ther, and thus prepared, half an ounce Mr Jaines Archer, engraver, has of it will, says Mr Skrimshire, gelatiDec. 1809.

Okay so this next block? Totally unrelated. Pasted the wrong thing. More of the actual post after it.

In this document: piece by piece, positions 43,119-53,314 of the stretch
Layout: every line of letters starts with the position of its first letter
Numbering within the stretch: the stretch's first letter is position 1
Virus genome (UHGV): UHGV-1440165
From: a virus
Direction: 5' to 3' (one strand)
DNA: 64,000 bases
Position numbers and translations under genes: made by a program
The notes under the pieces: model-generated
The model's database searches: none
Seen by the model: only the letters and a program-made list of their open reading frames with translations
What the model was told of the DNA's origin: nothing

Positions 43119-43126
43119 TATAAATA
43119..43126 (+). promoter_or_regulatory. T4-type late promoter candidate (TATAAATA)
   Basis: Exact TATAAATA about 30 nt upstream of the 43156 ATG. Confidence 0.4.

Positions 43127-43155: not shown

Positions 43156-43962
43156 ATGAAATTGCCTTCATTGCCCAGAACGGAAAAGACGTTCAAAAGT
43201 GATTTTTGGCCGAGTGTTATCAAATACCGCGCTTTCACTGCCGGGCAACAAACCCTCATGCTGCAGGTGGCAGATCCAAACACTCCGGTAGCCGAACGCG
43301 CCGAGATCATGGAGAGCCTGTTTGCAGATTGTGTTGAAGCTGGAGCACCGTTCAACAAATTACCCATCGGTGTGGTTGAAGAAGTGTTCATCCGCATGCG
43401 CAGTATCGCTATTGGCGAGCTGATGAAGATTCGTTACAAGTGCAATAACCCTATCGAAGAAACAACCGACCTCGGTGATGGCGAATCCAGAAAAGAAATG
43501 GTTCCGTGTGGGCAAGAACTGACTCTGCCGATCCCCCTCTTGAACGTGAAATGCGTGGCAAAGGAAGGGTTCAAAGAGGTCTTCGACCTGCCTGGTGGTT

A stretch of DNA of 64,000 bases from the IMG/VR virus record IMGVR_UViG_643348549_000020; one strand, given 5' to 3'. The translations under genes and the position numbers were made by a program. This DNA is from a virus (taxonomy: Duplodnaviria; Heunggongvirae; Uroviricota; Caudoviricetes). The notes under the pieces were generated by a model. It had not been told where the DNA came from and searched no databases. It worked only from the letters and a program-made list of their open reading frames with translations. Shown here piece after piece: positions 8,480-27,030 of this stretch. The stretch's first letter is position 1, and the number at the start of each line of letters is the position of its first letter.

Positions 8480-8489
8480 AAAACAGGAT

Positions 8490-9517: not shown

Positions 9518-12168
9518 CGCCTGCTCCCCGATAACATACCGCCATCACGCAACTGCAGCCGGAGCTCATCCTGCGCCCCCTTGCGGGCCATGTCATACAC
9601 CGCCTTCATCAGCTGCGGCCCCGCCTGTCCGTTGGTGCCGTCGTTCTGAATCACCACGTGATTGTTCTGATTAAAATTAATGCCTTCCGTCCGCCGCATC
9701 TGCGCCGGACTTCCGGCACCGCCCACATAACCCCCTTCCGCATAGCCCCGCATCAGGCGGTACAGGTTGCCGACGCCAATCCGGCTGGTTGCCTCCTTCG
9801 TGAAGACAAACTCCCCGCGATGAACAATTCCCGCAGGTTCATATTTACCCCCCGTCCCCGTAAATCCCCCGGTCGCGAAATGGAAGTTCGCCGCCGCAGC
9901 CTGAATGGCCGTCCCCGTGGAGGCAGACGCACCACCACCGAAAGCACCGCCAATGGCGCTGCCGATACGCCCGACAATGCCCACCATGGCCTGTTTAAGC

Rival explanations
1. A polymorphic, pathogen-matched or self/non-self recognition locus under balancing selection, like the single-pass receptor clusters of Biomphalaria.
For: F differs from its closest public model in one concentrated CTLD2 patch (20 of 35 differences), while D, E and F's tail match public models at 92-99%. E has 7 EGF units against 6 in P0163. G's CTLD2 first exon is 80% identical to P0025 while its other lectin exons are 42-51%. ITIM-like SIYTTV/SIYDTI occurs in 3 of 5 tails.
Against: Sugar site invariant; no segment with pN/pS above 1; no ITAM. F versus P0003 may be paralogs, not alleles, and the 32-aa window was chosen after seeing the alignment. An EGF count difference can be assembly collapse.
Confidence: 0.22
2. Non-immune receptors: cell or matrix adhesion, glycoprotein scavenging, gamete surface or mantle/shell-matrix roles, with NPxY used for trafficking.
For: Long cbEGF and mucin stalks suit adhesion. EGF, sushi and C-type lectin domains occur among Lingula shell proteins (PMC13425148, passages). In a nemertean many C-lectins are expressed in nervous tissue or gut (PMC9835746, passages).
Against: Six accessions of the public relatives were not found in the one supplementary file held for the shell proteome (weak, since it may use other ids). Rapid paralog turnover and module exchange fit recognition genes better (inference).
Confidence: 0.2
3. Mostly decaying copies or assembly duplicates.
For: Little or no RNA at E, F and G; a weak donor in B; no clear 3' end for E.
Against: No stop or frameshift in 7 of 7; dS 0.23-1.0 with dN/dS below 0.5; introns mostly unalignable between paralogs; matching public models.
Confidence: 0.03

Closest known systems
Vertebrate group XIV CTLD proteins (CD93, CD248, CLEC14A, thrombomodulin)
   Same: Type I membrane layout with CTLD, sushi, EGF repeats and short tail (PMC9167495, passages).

mize